They say: As a wine’s aroma becomes more developed from bottle aging, the aroma is transformed into a bouquet that is more than just the smell of the grape.

We say: Really… just a poncey word to describe the scent of a wine.

  • Tannic:

They say: The tannins of a wine, which are extracted from the grape skins and stems, are, along with a wine’s acidity and alcohol, its lifeline. Tannins give a wine firmness and some roughness when young, but gradually fall away and dissipate.

We say: Tannins are what give red wine its colour and dries out your mouth.. A tannic wine is also what’ll what give you away the morning after, with your black teeth and stained lips! 

  • Hot:

They say: Wines with alcohol levels in excess of 14.5% often taste hot if the requisite depth of fruit is not present.

We say: Feeling a little merrier than you expected you might at 6pm? A hot wine describes nothing to do with the temperature of the wine, but suggests that the alcohol levels in the wine are too high (yes, there is such a thing!).

  • Lush:

They say: Lush wines are soft, richly fruity wines that are both concentrated and fat. A lush wine can never be an astringent or hard wine.

We say: Not just a brand of natural cosmetics or  what a young British bloke might holler at a particularly good looking lady, a lush wine is rich, smooth, full, fruity, velvety. Highly desirable, a lush wine is basically the Jessica Rabbit of wines.

Learn more about wine at our BIGGEST wine tasting event of the year, ely’s Big Tasting on Friday 10th October, 2014 at ely bar & brasserie, IFSC.

the BIG tasting September 2011


Taste Tip of the Week: “Craggy Island” Lamb Tagine

There are a lot of ingredients in this recipe, but once you put a little bit of love into it, it’s really worth the effort. A Burren-Moroccan fusion dish and a nice alternative to the traditional Irish Stew.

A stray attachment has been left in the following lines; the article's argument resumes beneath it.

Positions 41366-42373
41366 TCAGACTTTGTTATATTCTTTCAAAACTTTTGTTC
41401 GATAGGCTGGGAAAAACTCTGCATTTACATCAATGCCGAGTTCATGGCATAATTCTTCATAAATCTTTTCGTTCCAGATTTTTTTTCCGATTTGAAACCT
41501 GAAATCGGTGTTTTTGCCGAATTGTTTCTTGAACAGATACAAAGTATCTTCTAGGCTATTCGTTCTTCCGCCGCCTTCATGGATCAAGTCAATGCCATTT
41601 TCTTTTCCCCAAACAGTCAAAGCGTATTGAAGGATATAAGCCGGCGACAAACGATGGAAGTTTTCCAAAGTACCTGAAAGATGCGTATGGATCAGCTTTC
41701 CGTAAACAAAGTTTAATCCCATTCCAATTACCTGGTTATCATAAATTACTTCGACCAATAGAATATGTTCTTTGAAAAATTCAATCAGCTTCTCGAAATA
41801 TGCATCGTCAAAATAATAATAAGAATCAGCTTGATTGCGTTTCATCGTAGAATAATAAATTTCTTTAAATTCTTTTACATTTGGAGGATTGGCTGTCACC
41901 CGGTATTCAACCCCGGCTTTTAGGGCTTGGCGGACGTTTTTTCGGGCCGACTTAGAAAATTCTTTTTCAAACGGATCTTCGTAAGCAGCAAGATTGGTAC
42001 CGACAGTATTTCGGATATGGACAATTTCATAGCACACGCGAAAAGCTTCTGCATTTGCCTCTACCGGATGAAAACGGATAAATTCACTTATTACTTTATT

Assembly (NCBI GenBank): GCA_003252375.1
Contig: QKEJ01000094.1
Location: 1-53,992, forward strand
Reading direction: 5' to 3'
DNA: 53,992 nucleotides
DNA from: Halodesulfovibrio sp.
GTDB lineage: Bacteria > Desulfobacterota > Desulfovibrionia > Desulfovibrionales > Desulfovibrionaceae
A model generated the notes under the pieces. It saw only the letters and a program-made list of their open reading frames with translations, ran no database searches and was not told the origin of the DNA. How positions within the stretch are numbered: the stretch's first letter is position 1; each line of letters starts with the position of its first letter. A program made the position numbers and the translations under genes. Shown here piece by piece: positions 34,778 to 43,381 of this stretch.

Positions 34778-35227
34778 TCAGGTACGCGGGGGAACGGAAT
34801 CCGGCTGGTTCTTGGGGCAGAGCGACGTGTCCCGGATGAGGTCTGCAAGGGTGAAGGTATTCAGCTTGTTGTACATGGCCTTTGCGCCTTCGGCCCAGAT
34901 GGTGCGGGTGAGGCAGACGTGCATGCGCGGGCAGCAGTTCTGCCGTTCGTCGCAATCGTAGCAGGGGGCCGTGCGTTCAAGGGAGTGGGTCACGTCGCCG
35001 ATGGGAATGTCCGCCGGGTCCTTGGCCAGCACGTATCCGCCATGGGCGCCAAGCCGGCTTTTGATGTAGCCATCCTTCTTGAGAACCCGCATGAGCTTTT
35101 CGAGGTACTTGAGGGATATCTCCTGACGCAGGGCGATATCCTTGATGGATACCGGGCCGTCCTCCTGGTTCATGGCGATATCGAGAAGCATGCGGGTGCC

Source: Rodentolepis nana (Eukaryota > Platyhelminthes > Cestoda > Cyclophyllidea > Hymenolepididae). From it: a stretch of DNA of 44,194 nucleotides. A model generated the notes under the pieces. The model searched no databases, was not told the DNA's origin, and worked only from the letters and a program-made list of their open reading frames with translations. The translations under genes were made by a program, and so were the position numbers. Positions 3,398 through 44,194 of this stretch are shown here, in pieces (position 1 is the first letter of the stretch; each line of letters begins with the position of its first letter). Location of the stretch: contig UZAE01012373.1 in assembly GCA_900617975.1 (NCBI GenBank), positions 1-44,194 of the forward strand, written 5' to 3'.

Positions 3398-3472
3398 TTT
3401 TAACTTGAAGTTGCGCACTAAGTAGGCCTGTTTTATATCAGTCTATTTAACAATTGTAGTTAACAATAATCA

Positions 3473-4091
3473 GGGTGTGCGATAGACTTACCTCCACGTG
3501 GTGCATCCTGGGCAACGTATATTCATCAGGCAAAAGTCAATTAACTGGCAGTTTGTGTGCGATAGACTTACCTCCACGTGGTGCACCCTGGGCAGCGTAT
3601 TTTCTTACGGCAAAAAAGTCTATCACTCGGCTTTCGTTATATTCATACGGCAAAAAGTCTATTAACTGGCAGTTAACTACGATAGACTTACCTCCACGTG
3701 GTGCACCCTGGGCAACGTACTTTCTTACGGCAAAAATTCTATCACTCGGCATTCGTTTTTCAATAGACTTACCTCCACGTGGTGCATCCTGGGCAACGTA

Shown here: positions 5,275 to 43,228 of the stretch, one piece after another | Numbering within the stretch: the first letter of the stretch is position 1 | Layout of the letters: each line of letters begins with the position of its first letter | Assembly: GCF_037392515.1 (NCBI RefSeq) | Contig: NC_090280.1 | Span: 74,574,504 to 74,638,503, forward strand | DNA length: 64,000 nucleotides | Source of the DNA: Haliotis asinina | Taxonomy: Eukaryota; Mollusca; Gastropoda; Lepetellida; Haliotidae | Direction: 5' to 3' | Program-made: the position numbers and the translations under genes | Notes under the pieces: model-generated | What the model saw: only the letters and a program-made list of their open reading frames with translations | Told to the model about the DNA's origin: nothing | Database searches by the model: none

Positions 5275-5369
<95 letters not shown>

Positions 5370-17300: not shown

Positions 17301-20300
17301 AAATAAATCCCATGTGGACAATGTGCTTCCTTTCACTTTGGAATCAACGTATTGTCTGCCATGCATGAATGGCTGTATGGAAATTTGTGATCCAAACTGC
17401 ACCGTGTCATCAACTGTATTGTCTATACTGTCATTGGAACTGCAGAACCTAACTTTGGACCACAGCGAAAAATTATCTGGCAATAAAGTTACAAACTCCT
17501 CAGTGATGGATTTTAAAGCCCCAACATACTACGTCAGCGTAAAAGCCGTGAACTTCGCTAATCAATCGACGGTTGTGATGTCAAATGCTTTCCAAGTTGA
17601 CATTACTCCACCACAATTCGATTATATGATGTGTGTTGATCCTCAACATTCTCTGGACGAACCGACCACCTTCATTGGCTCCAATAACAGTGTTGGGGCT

What you need:

  • 800g–1kg lean lamb shoulder, diced (at ely, we use organic “Craggy Island” lamb)
  • plain flour, to coat lamb
  • extra virgin olive oil
  • 1 large Spanish onion
  • 1 each red and yellow peppers, diced
  • 2 large or 3 medium carrots, diced
  • 4 cloves garlic, crushed
  • 4 bay leaves
  • 1 sprig thyme, 1 sprig rosemary
  • 1 small, red chilli, dried or fresh
  • 2 cinnamon sticks
  • 10g fresh ginger, peeled and grated, or ½ tsp ground
  • 20g dried ground cumin
  • 100ml honey
  • 800g tinned chopped tomatoes or passata, or enough to submerge all ingredients
  • 1 aubergine
  • 1 courgette

Serves 6

Lamb Tagine Collage

How we do it:

  • Lightly coat the lamb in flour and brown in a little oil on a hot pan. You will need to do this in batches. Set aside and remove any excess fat.
  • In one large frying pan (or two, if necessary), fry the onion, peppers, carrots and garlic in some olive oil until they are soft.
  • Add the lamb, bay leaves and fresh herbs.
  • Now add the chilli, cinnamon sticks, ginger and cumin. Stir well to coat the lamb and vegetables.
  • Drizzle the honey over the lamb, then pour in the tomatoes or passata. Stir well.
  • Reduce the heat to a simmer and cook for 1-2 hours, stirring occasionally. Take off the heat and leave to cool.
  • Slowly reheat the tagine when you are ready to serve.
  • Chop the aubergine and courgette into large chunks, fry in some olive oil and add to the tagine. Doing this last prevents the aubergine
    and courgette from being discoloured by the sauce.
  • Serve with couscous (see note for the cook).

A note for the cook:

  • This delicious lamb tagine tastes even better the day after cooking, when the flavours have had a chance to blend and settle.
  • It’s best served with couscous. Rub oil into the couscous (before cooking) to prevent it sticking together.
  • Mix equal quantities of hot stock and couscous, cover with cling film and leave for 5 minutes.
  • Remove the cling film and run a fork through the couscous to separate.
  • Season, add some fresh mint, and serve.

Enjoy grass fed, organic “Craggy Island” lamb, sourced through our family farm in the Burren, Co. Clare at ely wine bar, 22 Ely Place.